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Government considers laser pen licence to stop ‘potentially catastrophic’ rogue use

Evening Standard logo Evening Standard 12/08/2017 Sebastian Mann

© Provided by Independent Print Limited Ministers may introduce licences for laser pens as part of a crackdown on irresponsible and malicious use.

Airline pilots and train drivers have expressed fears about the regulation of laser pointers, given the commonly-available devices can cause eye damage and in some cases render people temporarily blind.

No concrete proposals are on the table, but the Government has said it will consider a range of ideas to boost safety, such as licensing for retailers and shoppers, and restrictions on advertising.

Licensing schemes already exist in countries such as Australia, Canada and the United States.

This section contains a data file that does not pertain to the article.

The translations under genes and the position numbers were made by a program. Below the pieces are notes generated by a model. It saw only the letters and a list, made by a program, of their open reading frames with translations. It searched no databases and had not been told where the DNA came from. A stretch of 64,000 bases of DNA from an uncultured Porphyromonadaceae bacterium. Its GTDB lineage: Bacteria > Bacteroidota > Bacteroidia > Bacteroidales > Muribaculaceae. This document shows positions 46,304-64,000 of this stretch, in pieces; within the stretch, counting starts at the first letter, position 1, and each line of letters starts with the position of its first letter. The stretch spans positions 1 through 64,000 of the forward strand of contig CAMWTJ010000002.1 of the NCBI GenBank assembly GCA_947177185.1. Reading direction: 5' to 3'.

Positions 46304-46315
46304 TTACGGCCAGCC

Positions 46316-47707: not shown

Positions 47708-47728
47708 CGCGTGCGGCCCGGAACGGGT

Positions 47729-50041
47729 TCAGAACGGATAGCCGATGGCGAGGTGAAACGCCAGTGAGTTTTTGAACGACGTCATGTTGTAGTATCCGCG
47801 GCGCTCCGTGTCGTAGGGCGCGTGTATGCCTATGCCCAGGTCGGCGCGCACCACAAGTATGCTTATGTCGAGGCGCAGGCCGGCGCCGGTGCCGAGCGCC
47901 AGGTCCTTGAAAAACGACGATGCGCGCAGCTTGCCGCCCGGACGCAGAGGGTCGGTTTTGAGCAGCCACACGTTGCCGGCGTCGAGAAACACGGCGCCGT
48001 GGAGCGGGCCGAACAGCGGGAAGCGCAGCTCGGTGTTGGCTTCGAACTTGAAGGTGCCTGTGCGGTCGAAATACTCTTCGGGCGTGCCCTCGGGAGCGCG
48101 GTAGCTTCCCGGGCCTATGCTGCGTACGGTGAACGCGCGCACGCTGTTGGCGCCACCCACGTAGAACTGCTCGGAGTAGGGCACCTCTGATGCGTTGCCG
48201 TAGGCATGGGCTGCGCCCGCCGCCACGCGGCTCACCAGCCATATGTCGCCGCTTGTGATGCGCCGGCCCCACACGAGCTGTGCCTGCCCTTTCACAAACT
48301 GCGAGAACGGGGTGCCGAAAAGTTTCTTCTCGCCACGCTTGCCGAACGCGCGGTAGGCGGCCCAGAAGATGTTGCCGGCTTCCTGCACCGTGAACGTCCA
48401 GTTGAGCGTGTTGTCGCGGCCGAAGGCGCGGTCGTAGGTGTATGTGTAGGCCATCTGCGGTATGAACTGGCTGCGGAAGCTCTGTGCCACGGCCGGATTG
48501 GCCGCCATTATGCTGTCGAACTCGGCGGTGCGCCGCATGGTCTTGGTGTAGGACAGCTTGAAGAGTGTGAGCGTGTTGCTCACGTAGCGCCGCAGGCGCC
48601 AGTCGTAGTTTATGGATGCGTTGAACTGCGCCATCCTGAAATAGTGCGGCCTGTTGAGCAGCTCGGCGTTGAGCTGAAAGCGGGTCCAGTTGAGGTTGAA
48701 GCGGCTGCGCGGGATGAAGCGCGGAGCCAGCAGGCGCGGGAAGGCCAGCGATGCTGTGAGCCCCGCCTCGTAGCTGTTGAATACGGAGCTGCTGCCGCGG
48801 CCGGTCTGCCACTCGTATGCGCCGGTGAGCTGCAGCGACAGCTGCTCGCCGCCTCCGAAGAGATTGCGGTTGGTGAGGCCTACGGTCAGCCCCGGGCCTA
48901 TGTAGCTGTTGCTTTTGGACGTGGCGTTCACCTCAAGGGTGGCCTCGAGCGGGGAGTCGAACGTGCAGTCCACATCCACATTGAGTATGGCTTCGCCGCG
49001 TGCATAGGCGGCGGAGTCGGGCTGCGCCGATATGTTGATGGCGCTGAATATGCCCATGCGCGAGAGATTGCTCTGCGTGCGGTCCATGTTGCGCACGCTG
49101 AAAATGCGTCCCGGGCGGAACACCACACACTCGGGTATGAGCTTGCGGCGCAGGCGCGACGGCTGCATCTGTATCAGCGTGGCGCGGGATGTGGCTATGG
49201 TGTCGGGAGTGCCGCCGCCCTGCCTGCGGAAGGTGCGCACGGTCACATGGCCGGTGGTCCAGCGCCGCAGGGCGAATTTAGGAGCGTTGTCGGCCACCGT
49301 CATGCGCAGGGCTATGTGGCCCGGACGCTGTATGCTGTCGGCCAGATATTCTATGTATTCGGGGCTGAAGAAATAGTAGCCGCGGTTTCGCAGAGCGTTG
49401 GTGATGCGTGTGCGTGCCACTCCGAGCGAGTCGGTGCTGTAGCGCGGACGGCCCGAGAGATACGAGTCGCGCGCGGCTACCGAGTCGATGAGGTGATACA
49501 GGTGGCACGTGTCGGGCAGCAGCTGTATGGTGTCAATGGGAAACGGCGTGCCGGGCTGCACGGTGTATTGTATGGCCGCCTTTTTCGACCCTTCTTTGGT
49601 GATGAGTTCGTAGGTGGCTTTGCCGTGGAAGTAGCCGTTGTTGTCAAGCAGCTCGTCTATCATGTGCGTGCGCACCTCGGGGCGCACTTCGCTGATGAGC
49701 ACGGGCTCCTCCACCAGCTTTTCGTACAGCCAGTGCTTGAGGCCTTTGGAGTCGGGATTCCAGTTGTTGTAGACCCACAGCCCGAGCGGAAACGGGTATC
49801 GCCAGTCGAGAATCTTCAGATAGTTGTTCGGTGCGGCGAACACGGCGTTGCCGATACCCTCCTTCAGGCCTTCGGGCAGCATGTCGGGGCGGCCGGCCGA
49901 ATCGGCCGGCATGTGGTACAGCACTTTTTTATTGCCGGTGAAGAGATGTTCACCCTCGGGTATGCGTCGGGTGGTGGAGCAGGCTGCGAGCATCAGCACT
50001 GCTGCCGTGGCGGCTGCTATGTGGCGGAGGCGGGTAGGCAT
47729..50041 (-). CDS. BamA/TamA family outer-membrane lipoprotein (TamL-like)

It comes after two British tourists were threatened with fines for allegedly pointing laser beams at passenger planes arriving in Malaga, in the south of Spain.

Business Minister Margot James, launching an eight-week call for evidence, said: "Public safety is of the utmost importance and we must look carefully to make sure regulations are keeping up with the increased use of these devices.

"Whilst we know most users don't intend any harm, many are not aware of the safety risks and serious health implications of shining laser pointers directly into people's eyes.

"Used irresponsibly or maliciously, these products can and do wreak havoc and harm others, with potentially catastrophic consequences.”

Shining lasers at aircraft can incur a fine of up to £2,500, however measures to make it easier for police to prove the offence were dropped from the Government's legislative programme after the general election in June.

Some 466 laser incidents were recorded between 1 April 2011 and 31 October 2016, according to the British Transport Police, while the Civil Aviation Authority has also said 1,258 laser attacks were reported on aircraft in the UK last year.

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